On good craftsmanship and engineering

The other day I was chatting with a friend who just upgraded his phone. I’ve asked him why did he buy a new phone if the other was still good enough. He said that the new one has a better camera, but he just wanted to have the newest model. I hear that a lot, from friends, acquaintances or just people in my network.

The increase in offering of electronic products has converted most consumers in superficial buyers. Most people don’t understand the technical specs of the products they buy, but somehow seem compelled to keep with the lates technologies. There’s a lot of marketing black magic going on which is very effective in bewitching people to think they need a faster CPU, but I feel people lost their sense of pragmatism. What was once essential for survival has now become the most docile of the senses.

I also feel that most of this superficial consumerism if fuelled by a declining appreciation for craftsmanship and engineering. People seem to think that all products are made by a machine and assembled automatically with the press of a button. As such they are more careless with their belongings, when they can always get a new one around the corner. 

Just because automation exists doesn’t mean that there is less passion and work invested in building a product. Even if it’s built by machines, there are armies of very intelligent people who put together everything from building the assembly robots, to sourcing the right materials, to building the components, to coming up with the best designs, …. (go for a walk) …. to writing the software running on it, just so we can do something as trivial as reading the news or watching funny cat videos on the toilet seat in the morning.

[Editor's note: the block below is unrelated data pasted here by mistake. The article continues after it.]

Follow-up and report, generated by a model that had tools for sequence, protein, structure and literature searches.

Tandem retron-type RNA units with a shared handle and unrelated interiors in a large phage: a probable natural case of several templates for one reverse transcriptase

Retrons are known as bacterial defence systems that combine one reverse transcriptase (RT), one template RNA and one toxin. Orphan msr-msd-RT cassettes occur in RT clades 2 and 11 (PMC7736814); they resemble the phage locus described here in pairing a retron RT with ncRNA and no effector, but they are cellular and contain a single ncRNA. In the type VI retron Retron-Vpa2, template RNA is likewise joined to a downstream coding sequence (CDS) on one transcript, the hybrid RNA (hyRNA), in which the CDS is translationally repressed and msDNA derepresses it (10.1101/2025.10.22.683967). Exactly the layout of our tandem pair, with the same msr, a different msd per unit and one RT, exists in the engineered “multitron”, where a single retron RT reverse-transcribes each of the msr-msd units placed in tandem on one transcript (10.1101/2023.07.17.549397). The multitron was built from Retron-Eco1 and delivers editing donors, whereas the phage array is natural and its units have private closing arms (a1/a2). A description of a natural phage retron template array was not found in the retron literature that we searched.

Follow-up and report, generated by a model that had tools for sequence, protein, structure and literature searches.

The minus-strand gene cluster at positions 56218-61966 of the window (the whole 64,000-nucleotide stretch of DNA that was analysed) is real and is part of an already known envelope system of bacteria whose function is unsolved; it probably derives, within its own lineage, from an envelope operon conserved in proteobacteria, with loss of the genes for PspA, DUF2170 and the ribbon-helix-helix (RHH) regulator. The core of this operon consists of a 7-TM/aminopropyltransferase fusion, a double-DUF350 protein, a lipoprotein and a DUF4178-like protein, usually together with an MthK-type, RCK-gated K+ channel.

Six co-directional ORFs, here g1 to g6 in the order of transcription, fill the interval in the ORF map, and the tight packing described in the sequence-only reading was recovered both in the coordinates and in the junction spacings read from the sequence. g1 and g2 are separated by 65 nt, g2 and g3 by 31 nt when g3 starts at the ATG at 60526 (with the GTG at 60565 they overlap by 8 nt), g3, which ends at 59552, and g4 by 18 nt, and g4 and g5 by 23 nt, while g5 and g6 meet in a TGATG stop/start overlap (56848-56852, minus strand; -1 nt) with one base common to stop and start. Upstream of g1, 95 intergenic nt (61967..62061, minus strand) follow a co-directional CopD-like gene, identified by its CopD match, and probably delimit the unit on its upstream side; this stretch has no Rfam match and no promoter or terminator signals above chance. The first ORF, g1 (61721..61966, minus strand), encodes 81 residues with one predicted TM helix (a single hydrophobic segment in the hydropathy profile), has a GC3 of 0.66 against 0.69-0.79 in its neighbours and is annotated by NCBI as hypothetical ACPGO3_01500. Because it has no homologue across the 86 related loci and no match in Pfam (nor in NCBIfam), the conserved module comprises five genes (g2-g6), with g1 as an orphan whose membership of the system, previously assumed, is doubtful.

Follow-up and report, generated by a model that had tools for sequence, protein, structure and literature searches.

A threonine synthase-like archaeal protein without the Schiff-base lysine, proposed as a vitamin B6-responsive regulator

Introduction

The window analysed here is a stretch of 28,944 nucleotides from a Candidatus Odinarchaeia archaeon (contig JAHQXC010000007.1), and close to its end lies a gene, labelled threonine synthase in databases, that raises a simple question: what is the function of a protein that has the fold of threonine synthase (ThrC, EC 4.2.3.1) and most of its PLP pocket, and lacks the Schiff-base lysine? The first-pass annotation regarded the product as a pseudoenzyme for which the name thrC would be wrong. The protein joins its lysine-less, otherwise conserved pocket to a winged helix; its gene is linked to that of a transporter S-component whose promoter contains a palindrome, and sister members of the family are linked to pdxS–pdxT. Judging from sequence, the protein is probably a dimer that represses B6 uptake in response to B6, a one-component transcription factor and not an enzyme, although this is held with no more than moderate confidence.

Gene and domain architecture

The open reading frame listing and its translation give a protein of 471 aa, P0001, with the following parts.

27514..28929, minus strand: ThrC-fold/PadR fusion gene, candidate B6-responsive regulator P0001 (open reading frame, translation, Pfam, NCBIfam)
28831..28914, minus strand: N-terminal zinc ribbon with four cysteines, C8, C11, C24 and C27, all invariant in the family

While most products are built with planned obsolesce in mind, I think giving more appreciation to the work invested in building your laptop or phone etc. would extend the lifespan of electronics by a significant margin. Taking a moment to perceive the different levels of work put into your devices would make your experience with it even more meaningful.

We used to take pride in quality products which can last a lifetime. What happened to that? Now it seems that some of us feel ashamed if our phone is one or two releases behind.

The most sustainable product is the one you already own.

P.S.: I’m writing this article on a 2013 MacBook Pro. I even use it for coding, and guess what? It works just fine. Getting a newer model won’t make me a better blogger or developer. 

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